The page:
June 23rd; Sunny & hot. Morning gym with Jim, who tells me that Culloden was more a battle fought between Scots Highlanders & Scots Lowlanders than between Scots & English. Then sandwich and decaff coffee near the gym with Zsanna. She dislikes the heat and will spend July & August working on a theatre piece with another actress in a cellar studio under the Siraly bar. Later meet a sporty, glowing Nora, carrying her rollerblade skates. We have some drinks and I hear about her exam successes and forthcoming trip to Greece. Then see Terri at the revamped Muvesz for non-alcoholic cocktails, and hear about the clever people at Elmu (Budapest's power distributor). They refused to modify their records showing her flat as having three electricity meters (all totting up bills). Though an Elmu employee visited her flat and testified in writing that she has only one meter, Elmu showroom staff refused to look at the meter reader's paper because another of Terri's documents was one month old. No surprise the Budapest distributor's two German owners want to buy more than 90 per cent of its shares so they can delist it. Probably a prerequisite under Hungarian law to sacking the 90 per cent of Elmu staff who subtract value from the company - just my cruel guess of course. As we wander down Andrassy street by night, musing about what Ryan is up to, we pass a poster for some exhibition about dead bodies. Terri says a friend of hers has looked into the show. It seems the preserving process in 'Bodies: the Exhibition' was copied from a more ethical German rival (exhibitors of 'Body Worlds'). More ethical because, unlike the Germans, the exhibitors of this one, 'Bodies: The Exhibition' (Premier Exhibitions) are unsure where their bodies come from: they "think" from a hospital or a prison in China sharing the same name. The Burke-&-Hare-style cadaver sourcing of this travelling exhibition caused anger in several p l a c e s. However, in Hungary there seem to be no concerns: several local firms gladly endorse this show of Chinese corpses obtained without consent.

June 22nd; Last night, late in the internet cafe, a couple came in with a large pink rat. The Hungarian girl had it on her arm, she was stroking it, she told me it was called Szotyi ('Sunflower Seed'), and said it had no fur because of a genetic mistake. I stroked it too, and it was soft, smooth, and worried. I started to watch a video lecture by an American woman brain scientist recounting what it was like for her to have a stroke. At one bit she describes struggling to phone for help (because she has forgotten how to read phone numbers). The scientist, Jill Bolte Taylor, finally gets through and hears her colleague making muffled noises on the phone. She realises that because of her stroke-impaired brain both he and she "sound like golden retrievers". I laughed out loud in the cafe, but the rat wasn't alarmed because it had gone home by then. I did find myself getting irritated for an instant when this middle-aged woman screeches in a nasal Boston accent "I thought 'Wow! This is so cool! How many brain scientists have the opportunity to study their own brain from the inside out?!'", but her talk has a very interesting conclusion. (Loud, shrill intro music of course.) Bolte Taylor's crowning idea, that we need to live more in the moment, with our parallel-processing, holistic, experiental right brains, is striking. She seems have found her stroke a mystical experience. As minnie.minx from the lawyers' talkboard said when showing me the link, it very much chimes with Eckhart Tolle's idea we should live in the present instant and silence our chattering left-brain monologues as much as we can.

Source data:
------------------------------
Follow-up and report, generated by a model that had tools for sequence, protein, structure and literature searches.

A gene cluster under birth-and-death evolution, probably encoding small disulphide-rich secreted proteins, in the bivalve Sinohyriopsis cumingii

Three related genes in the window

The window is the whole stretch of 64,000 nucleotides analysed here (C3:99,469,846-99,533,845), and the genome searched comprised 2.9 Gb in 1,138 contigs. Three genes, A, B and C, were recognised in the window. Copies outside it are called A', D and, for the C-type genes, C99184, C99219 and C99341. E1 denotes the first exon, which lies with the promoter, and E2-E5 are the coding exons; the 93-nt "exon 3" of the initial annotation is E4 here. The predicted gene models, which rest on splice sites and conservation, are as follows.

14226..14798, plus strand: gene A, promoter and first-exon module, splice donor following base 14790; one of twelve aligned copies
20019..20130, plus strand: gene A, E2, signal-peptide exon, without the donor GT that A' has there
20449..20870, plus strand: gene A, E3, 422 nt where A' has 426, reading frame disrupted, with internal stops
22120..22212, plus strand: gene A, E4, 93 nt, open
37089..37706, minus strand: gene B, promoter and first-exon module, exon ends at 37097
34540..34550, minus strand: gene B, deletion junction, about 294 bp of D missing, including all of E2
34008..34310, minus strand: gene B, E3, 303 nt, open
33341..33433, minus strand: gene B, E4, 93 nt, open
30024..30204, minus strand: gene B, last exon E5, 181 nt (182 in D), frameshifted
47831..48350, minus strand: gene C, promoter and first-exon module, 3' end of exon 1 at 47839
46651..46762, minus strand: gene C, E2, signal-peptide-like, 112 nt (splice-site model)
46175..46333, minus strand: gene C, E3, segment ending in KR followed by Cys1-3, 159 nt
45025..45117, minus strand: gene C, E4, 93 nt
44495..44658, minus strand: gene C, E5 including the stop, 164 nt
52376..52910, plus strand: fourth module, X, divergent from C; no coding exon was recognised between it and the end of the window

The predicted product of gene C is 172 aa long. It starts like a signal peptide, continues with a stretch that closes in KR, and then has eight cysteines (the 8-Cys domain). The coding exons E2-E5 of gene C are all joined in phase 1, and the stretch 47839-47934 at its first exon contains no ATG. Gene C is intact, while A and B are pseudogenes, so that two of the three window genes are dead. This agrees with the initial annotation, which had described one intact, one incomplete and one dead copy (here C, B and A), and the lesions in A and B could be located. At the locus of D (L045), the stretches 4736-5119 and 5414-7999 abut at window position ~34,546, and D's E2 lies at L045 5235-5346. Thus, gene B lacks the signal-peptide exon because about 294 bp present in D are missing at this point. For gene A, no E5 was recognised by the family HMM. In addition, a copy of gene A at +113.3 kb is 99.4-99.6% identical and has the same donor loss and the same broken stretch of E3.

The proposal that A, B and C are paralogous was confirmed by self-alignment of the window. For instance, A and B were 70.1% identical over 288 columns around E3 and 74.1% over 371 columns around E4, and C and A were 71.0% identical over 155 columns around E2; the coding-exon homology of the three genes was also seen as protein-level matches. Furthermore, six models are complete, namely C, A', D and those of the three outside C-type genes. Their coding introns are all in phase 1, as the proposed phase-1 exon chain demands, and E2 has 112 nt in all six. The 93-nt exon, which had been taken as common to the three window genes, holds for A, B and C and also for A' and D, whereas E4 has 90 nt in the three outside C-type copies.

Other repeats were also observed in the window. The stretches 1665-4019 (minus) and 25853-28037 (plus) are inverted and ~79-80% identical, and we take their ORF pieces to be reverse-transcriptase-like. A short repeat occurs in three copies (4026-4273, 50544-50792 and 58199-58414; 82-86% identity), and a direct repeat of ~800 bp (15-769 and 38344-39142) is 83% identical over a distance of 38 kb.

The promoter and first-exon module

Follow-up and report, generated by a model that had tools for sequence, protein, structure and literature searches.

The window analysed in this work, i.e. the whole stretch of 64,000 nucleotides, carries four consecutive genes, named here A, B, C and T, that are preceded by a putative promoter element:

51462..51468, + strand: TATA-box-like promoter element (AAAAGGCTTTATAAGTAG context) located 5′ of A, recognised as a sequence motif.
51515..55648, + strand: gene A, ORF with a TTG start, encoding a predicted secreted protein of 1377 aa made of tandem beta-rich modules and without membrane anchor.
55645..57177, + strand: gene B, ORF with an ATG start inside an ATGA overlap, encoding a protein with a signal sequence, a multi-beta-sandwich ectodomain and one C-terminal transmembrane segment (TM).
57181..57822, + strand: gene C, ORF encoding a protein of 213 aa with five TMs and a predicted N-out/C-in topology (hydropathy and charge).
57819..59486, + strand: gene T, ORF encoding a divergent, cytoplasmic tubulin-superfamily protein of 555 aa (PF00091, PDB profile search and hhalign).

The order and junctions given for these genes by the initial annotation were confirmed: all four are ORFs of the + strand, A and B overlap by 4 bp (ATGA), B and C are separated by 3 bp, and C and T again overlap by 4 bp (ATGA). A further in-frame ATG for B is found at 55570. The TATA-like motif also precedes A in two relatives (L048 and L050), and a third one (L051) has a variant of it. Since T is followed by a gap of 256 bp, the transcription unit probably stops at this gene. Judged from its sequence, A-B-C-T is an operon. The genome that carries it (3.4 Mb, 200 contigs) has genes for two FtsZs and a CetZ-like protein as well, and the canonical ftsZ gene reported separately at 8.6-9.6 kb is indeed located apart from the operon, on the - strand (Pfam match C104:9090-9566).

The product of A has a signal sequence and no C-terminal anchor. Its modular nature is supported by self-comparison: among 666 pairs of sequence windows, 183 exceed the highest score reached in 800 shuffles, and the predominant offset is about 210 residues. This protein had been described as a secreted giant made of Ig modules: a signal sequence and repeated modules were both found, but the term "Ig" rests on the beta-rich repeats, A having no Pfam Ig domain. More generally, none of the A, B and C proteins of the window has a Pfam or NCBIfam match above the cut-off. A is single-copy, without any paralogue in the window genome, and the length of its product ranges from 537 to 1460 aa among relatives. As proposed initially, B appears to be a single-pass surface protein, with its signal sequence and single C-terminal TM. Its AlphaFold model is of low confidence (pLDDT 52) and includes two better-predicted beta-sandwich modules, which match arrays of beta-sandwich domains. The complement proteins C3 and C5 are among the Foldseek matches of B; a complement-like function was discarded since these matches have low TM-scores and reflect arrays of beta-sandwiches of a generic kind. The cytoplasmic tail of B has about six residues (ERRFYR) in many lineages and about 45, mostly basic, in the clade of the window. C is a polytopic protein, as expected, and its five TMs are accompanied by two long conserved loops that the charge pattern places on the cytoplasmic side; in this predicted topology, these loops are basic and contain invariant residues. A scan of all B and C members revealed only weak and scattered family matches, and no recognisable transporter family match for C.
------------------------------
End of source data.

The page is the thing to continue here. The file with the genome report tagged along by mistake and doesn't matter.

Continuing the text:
Wake up today and the day is already hot & bright. Eat a bowl of chilled cherries from my fridge, like idealised spherical bruises. Strange how cherries are pleasant cold, yet have less taste like that. More painting of papier mache and watching the paint dry out on my hot balcony in the sun. Bits of painting alternate with starting the first few pages of Casanova's 'Story of My Life', and finishing Tolle's book 'The Power of Now'. Tolle opens, interestingly, with an account of what sounds like a very serious, even physical, nervous breakdown he had that gave him his new perspective on life - another link with Jill Bolte Taylor. Compelling and practical spiritual teaching. Breaking off at intervals to fiddle with my bits of papier mache, I try observing each moment the way Tolle suggests, and watching the substance of time open up. After dark, pizza & white-wine spritzers with Mystery Friend 2, along with his friends Edit & Eszter. Mystery Friend makes it clear he doesn't loathe himself because "as they say in New York, I have other people to do that for me."
June 21st; Secret Nazi Moon Base. Can this film fail?

June 20th; Reserve hotel room. Tidy flat.